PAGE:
COVID-19 Community Levels Map Update, Jan. 20, 2023: The CDC has listed six Connecticut Counties—Hartford, Litchfield, Middlesex, New Haven, Tolland and Windham Counties—in the High/Orange category as part of its weekly COVID-19 Community Levels update. Fairfield and New London Counties are listed in the Medium/Yellow category.  Because all eight Connecticut counties are either in the High or Medium categories, the Connecticut Department of Public Health recommends that all residents consider wearing a mask in public indoor spaces. People who are at high risk for severe illness should consider additional measures to minimize their exposure to COVID-19 and other respiratory illnesses. Visit the CDC COVID-19 Community Levels Map for updates.

Please visit to request four free COVID-19 self-test kits from the Federal Government. Find a location that has a supply of COVID-19 therapeutics as part of the Test to Treat initiative here. The complete DPH COVID-19 toolbox is located at

coalition logo
The Connecticut Health Improvement Planning Coalition
Comments from Participants at Kick-Off Meeting, January 31, 2013

The following comments were submitted in writing by representatives from partner organizations who attended the meeting.


We encourage individuals with specific concerns to join the work groups that will be formulating goals, objectives, and strategies for each Focus Area in the Health Improvement Plan.



Data for veterans are under-reported. About 21,000 Connecticut residents were not included as veterans in the 2010 Census, because they were still active military. An additional 8,000 persons and 4,500 National Guard are now in the military and are not counted as veterans.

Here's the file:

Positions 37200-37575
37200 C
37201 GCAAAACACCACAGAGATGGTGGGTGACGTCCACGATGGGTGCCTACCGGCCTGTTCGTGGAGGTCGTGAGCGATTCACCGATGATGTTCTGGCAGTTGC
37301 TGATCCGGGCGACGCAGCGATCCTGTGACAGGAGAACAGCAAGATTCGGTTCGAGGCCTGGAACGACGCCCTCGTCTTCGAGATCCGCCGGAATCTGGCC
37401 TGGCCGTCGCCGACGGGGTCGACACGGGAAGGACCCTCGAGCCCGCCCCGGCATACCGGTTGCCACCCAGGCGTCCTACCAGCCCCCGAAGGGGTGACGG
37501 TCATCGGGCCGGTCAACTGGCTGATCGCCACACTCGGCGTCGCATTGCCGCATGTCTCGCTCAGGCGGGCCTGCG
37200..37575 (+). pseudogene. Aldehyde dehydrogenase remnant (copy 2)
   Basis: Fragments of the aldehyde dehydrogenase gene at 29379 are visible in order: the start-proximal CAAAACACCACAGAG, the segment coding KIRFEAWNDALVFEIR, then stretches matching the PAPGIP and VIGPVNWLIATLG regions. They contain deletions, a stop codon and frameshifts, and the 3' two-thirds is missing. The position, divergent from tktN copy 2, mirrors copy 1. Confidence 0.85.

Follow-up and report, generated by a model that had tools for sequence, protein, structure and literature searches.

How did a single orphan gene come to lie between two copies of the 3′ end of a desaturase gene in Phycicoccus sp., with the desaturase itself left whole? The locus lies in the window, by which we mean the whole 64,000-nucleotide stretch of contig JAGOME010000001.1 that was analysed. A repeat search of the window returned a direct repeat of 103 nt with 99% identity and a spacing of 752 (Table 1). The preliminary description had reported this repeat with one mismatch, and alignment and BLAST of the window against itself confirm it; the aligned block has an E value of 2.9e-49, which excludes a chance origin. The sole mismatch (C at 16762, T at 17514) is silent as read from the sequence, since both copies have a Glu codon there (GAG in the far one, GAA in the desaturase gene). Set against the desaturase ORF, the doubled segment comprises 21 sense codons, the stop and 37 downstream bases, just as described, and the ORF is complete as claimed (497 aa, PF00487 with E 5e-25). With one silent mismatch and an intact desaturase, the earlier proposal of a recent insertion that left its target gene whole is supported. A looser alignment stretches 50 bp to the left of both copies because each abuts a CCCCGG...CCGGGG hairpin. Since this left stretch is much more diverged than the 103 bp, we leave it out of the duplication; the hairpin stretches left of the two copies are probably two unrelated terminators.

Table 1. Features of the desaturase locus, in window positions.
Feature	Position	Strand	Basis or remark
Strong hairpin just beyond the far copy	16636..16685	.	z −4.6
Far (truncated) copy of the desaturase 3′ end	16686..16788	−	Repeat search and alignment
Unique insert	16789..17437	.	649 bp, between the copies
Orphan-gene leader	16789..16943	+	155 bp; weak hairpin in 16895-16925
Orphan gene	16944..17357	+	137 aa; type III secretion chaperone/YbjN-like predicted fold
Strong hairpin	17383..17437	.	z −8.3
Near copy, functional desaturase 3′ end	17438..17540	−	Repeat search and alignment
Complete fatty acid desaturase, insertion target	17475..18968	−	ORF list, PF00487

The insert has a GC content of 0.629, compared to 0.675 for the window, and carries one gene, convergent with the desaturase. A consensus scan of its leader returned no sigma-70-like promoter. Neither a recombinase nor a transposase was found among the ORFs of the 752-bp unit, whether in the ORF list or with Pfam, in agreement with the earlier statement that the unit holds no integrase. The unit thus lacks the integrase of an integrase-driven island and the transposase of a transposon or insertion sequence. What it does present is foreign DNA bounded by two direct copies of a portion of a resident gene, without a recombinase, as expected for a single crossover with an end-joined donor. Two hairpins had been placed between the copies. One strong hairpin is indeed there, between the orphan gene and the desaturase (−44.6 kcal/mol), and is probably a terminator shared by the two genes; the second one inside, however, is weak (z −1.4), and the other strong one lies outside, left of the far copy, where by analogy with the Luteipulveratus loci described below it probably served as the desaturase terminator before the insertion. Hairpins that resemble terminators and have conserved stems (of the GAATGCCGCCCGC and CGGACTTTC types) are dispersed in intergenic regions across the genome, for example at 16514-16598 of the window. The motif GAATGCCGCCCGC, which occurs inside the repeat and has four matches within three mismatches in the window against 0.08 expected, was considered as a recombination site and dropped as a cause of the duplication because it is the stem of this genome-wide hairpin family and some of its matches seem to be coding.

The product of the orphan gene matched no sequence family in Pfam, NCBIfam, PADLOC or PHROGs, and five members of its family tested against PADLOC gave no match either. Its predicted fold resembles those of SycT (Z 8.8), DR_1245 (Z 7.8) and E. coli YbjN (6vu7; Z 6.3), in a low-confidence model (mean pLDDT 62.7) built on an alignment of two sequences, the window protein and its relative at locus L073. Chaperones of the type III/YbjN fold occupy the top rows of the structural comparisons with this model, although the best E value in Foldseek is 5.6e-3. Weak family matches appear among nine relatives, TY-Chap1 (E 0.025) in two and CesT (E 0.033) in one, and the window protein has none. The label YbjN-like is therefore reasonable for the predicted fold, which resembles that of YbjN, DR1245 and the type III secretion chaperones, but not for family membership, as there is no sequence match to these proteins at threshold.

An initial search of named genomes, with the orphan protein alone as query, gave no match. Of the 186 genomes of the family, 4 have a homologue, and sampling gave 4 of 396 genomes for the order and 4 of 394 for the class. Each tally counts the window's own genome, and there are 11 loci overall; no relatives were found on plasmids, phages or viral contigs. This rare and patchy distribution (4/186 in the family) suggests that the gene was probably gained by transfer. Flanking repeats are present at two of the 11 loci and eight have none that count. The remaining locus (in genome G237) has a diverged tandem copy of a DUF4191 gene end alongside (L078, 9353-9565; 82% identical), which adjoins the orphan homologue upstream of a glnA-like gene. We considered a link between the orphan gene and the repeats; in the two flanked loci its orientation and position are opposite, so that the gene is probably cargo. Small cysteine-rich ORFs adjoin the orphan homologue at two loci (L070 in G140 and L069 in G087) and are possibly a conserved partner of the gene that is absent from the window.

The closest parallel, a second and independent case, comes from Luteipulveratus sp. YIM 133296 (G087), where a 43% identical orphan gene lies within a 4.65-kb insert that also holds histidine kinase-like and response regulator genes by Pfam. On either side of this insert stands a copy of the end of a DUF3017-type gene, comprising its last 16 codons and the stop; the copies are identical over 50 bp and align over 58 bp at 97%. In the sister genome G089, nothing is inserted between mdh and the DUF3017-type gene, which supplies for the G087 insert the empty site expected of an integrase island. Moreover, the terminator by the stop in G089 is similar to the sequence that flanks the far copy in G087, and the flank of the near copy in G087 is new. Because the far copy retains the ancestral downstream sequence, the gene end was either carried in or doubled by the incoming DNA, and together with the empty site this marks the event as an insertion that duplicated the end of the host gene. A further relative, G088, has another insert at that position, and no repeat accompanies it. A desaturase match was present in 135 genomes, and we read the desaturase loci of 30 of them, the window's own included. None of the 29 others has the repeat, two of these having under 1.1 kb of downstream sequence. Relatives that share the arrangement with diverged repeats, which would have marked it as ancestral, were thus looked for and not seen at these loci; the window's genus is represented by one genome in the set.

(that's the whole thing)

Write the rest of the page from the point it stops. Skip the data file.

Incarcerated Population

Incarcerated persons have disproportionately higher rates of smoking and other risky behaviors compared to the general population. They are a large population that uses the medical system within the prison system (data for which were not included in the preliminary assessment). A larger population reenters after incarceration and are disproportionately at risk for numerous health conditions and barriers to health care access. It is important to consider the incarcerated population in the Assessment.


Health Care Utilization and Data

We need to have access to trends and patterns (overuse and underuse), like what is in the Dartmouth Atlas. [Certain aspects of utilization are covered in Connecticut’s Statewide Health Care Facilities and Services Plan (October, 2012).]


Healthcare Associated Infections

With an aging population, there is a need to expand facility reporting of healthcare associated infections (HAIs) by hospitals, nursing homes, etc.


Disparities in Educational Attainment

It may be valuable to add high school graduation rates to the list of indicators as a determinant of health. Although Connecticut has an overall high graduation rate, there may be disparities, racially/ethnically and by community.



Housing stability should be integrated with health care (hospitals tracking housing status, healthy homes including housing stability as a measurable outcome). Other efforts exist in the state to integrate health care and housing and could work with this coalition.